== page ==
By Kelly Meeder and Olivia Battles
On January 17, at the Santa Barbara International Film Festival, we got a chance
to speak to the stars of lots of brand new movies. Included in these actors, producers, writers, and directors, was actor Adam Driver from Marriage Story. We got the chance to speak to him on the red carpet.
On the red carpet, Adam told how he prepares for a role “[I’ve] got to be open
to what everybody else is doing,” he says, “there’s a whole other machine behind me that I have to support.” Next, we asked him how he dissects and prepares for a role, his response was:
“I try to break it all up into little pieces, I solve that piece and it leads me to
another piece, and I let the director worry about what that adds up to.” He thinks that his preparation for one role doesn’t necessarily differ from others, and that he can prepare for roles by showing up on time and knowing his lines.
When asked about transitioning from action to drama, he responded by
saying the two genres are very similar and supportive to one another. “I feel like great action is supported by great story… I have a scene in this movie where I’m arguing with Scarlett, and that very much felt like an action scene.”
Though we were unable to meet his Co-Star, Scarlett Johanson, we were very
fortunate to be able to speak to him.
Our first interview though was with the director and producers of the documentary Margaret Singer: Seeking Light. It is a documentary about a local Holocaust survivor who turned darkness into light using her gifts as an artist and poet and her intuitive sense of truth and joy. Margaret forged her own path, and she broke every expectation for a woman, an immigrant and a refugee.
“She was like a treasure,” the director, producer, and editor, Louise Palanker said when talking about Margaret, “and you had to show the treasure adequately with the amount of decorative respect that is due. Everything she said could be embroidered on a pillow, she was just one of those people where everything she said was like a perfect quote. Like a sage.”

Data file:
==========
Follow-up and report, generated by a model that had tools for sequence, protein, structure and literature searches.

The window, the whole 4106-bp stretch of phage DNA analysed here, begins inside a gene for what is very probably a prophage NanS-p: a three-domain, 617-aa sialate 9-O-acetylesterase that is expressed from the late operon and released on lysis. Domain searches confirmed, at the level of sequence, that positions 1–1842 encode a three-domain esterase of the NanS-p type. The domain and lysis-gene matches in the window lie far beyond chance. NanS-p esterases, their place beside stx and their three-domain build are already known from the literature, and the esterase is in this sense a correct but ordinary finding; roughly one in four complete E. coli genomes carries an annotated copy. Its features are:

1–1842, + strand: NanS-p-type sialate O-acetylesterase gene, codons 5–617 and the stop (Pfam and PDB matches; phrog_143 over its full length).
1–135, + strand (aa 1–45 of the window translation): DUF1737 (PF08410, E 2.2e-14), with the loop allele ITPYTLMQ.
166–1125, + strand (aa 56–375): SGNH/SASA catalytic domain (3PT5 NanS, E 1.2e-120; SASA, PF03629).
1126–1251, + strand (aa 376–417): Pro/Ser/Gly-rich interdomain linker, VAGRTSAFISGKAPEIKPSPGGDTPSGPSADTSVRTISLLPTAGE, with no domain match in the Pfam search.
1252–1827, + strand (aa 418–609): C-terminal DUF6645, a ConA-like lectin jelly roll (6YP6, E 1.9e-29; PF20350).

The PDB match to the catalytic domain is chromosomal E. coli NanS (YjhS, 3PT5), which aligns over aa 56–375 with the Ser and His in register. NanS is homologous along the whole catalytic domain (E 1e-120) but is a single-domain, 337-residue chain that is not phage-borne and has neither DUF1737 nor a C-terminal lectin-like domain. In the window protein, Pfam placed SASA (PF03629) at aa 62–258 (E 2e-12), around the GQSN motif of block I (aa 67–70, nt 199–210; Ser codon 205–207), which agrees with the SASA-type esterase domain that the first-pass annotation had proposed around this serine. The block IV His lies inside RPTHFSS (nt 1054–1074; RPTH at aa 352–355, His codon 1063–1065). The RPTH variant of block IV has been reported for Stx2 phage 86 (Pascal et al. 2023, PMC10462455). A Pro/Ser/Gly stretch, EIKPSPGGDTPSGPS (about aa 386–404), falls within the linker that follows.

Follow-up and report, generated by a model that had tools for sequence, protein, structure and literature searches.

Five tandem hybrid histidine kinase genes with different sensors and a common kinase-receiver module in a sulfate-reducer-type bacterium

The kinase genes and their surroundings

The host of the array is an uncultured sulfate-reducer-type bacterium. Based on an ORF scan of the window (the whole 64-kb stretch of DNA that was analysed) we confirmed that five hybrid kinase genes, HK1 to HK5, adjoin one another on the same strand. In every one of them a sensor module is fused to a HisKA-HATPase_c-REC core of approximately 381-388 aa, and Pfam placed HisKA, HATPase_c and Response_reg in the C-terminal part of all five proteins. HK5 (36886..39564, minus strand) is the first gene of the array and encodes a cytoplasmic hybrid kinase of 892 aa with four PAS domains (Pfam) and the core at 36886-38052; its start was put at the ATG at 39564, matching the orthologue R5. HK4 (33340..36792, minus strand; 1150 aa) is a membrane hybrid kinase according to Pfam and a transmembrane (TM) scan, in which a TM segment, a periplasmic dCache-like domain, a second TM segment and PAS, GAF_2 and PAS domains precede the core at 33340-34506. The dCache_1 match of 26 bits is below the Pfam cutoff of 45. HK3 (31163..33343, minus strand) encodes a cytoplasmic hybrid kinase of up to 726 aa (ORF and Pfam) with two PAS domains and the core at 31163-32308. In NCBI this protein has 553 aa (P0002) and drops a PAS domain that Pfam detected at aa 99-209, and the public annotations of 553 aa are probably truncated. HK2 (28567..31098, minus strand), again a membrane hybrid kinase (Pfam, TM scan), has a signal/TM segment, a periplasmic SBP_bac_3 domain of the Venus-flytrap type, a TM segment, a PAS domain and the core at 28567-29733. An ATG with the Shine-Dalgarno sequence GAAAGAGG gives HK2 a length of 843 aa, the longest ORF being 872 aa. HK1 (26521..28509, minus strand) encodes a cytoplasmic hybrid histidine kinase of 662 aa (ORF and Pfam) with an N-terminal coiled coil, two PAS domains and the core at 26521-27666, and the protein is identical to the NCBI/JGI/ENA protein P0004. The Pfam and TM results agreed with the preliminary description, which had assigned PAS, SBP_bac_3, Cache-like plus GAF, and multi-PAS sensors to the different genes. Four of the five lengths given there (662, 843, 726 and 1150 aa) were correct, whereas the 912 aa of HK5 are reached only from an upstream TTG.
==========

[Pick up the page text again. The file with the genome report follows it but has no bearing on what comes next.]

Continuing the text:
“She filled every room with her presence and her light,” the producer, Jennie Reinish, added, “so it was very important for the film to reflect that.”
When asked if this film was an idea or plan for a long time, Louise shared that she had wanted to make it ever since she met Margaret 12 years ago when creating a film about three local Holocaust survivors. “I became obsessed with her because she is magical, and I just thought let’s do a film about Margaret.”
Sadly Margaret Singer passed away about three months after the film was made. She continues to inspire people to do what they love and follow their dreams through this intimate documentary.
We were also able to speak with the director and cast of the psychological drama, Black Conflux, rated 100% fresh on Rotten Tomatoes. When asked about the cast’s favorite part of the filming process, Ella Ballentine, who plays Jackie Dunphy, told us about a fun dancing scene that she had.
“I have a really fun scene where I’m dancing in my bedroom, I’m very flustered with having a crush on the character Donovan. It was super fun because that’s something I actually do all the time, so it was really fun and quirky to have that for anyone in the world to be able to watch.”
“And we had a day at the beach. Guys, we had a whole beach day! We had fires on the beach. ” Luke Bilyk pointed out.
Later on, when asked if it was hard to keep the cast’s spirits up when shooting such serious material, the director, Nicole Dorsey, made a good point by saying that it was actually easier to be in a good mood off set because it was such a relief from the intensity of the story.
“I think that’s kinda the beauty about shooting darker materials because you just want a relief when you get home at the end of the night. There is also a lot of comradery and trust that goes into making a film like this so you become family on set.”
Overall, it was such an interesting and unique experience to be able to interview the artists, filmmakers, and actors and hear firsthand their experiences and stories.